Bill McKibben’s divesture campaign


Suits, ties, and Bill McKibben’s quest to define the oil companies as ‘radical’

By Allen Best

Bill McKibben came through Denver again this week, signing copies of his new book, “Oil and Honey” and urging resistance to the paradigm of fossil fuels.

In introducing McKibben, University of Denver law professor Fred Cheever described him as the premiere environmentalist of today, an apt title. Since the 1980s, McKibben has been clanging the bell with increasing vigor about the dangers of climate change. A Harvard graduate, he was a staff writer for the New Yorker when still in his 20s, a plum position at any age. But it didn’t seem to suit him.

McKibben has a restless soul, drawn to the stage and exhortation instead of lingering on the analytical sidelines. That does not, however, mean he can’t write. He had a report in Rolling Stone last year that was brilliant and disturbing. Called “Global Warming’s Terrifying New Math,” the 6,140-word story carefully, clearly, and concisely laid out just how vast the fossil fuels are that remain in the ground—and their ownership by  oil and other companies. This ownership in the current energy  paradigm explains the resistance to change, where there has been so little response to the climate change crisis.

Bill McKibben in Telluride, 2010
Bill McKibben in Telluride, 2010

Then, McKibben laid out the probable climatic consequences. Those fossil fuels, if they are burned in the same way others have been burned, will produce five times the carbon dioxide in the atmosphere than can be absorbed if rise of global temperatures is to be kept within a two degree increase. In other words, as McKibben put it, if the fossil fuels sector carries out its business plan, the planet tanks.

The cover photo on that Aug. 2, 2012, issue of Rolling Stone was of teen sensation Justin Bieber, but Rolling Stone editors confided that there was more response to his article than to the Bieber story, said McKibben in his Denver appearance.

That story led to a national “Do the Math” tour last fall by, the organization that he created to argue for lowered targets for greenhouse gas emissions. On that tour, McKibben made the case for a new strategy: divesture by universities and other organization of their holdings in oil and other companies engaged in extraction of fossil fuels. That strategy of divesture ultimately worked in cleaving South Africa from its policy of apartheid.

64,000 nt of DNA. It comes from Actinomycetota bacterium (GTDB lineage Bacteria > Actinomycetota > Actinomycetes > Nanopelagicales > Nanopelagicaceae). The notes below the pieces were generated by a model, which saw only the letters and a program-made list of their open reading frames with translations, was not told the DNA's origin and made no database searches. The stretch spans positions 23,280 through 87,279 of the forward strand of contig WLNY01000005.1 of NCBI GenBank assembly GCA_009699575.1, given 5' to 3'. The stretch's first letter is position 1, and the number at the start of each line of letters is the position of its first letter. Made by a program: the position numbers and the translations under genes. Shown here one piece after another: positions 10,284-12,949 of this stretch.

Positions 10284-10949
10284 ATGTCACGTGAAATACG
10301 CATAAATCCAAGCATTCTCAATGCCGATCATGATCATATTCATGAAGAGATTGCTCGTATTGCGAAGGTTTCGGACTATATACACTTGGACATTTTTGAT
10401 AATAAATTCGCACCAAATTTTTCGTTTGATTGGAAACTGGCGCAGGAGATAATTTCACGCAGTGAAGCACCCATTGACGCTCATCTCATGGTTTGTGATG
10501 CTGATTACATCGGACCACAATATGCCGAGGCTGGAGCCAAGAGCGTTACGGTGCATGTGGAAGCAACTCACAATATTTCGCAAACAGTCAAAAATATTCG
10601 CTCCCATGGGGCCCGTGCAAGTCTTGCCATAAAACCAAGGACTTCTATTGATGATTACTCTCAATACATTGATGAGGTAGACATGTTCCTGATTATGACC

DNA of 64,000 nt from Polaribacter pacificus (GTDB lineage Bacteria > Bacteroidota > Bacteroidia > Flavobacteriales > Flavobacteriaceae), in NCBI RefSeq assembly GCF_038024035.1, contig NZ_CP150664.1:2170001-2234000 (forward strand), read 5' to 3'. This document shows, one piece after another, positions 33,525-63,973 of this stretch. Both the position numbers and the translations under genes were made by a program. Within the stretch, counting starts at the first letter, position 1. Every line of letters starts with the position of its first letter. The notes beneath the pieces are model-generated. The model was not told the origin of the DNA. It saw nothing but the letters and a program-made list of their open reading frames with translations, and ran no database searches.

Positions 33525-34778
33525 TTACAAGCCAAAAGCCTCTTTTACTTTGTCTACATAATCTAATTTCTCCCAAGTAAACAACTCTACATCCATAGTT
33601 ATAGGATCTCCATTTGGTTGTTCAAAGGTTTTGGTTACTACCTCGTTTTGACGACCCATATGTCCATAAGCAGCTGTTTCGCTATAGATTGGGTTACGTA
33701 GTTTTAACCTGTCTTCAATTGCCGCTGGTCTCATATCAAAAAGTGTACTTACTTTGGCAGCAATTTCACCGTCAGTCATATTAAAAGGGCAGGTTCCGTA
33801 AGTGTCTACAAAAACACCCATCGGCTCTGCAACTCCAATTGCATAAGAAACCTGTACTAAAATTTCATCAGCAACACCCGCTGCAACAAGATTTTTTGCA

Can McKibben’s strategy of pushing divesture make a difference?  Six colleges and universities, most recently San Francisco State, have divested. But some have said no, among them Middlebury College in Vermont, with whom McKibben has long been affiliated as a faculty member.

“Vassar and Middlebury were the first to announce they weren’t yet ready to divest, arguing it might, you know, cost them some money,” McKibben said in a posting on The Daily Beast.

He’s not surprised. It took four or five years for the divestment argument to work with colleges and universities in the case of South Africa. And, he added parenthetically, Harvard never did.

With this strategy, McKibben seeks only to get a more central location at the negotiating table. “We can’t bankrupt them, but by divestment we can help morally bankrupt them, reducing their power to set the agenda in DC and elsewhere,” he said in the Daily Beast post.

The bigger picture here is of the need for a carbon tax, to more forcefully steer changes to a low-carbon way of living. The fundamental premise of a carbon tax is that currently there’s no cost for polluting the sky. But the science of greenhouse theory is clear enough: there are major, long-term costs looming, such as the rising oceans that will displace people and make them more vulnerable to hurricanes. Hotter temperatures that require greater amounts of water for crops will force a new agriculture infrastructure. Ski seasons will also become shorter, the lifts less useful.

“The day we get a price on carbon, all the things that we are working for will get easier,” McKibben said at his appearance in Denver.

Mile-long coal trains are often stacked up five and six deep to export coal from the Powder River Basin of Wyoming. Photo/Allen Best
Mile-long coal trains are often stacked up five and six deep to export coal from the Powder River Basin of Wyoming. Photo/Allen Best

In Denver, as I’m sure most of his stops, McKibben was preaching to the choir. There were many students, and he advised them against taking jobs that allow big companies to greenwash themselves. But whatever your day job, he said, your most important job is to be a citizen. That might include getting arrested for non-violent protests, something that he suggested people older in life might do more easily than those who are still young and trying to hold onto jobs. “At a certain point in life, what the hell are you going to do?” he asked.

McKibben himself was arrested last year in a protest in front of the White House. He was wearing a suit and a tie. There was a point to his clothing and one he hopes followers will emulate. This protest is from normal people. The radicals, he says, are the oil and other fossil fuel companies.

“Radical are what the oil companies do. Radical is getting up in the morning to alter the chemical composition of the atmosphere. That’s a radical idea.”

The free market is not the answer, he said. “At the moment, Exxon own the sky. They get to pour carbon into the sky for free. We are the ones who should own they sky, and Exxon should be paying us.”

Ending his comments at the University of Denver, McKibben said he hoped that when he next visited, DU will have claimed nine NCAA national titles in men’s ice hockey (it currently has eight). Even more important for the reputation of a college, he suggested, was whether it had divested.

Allen Best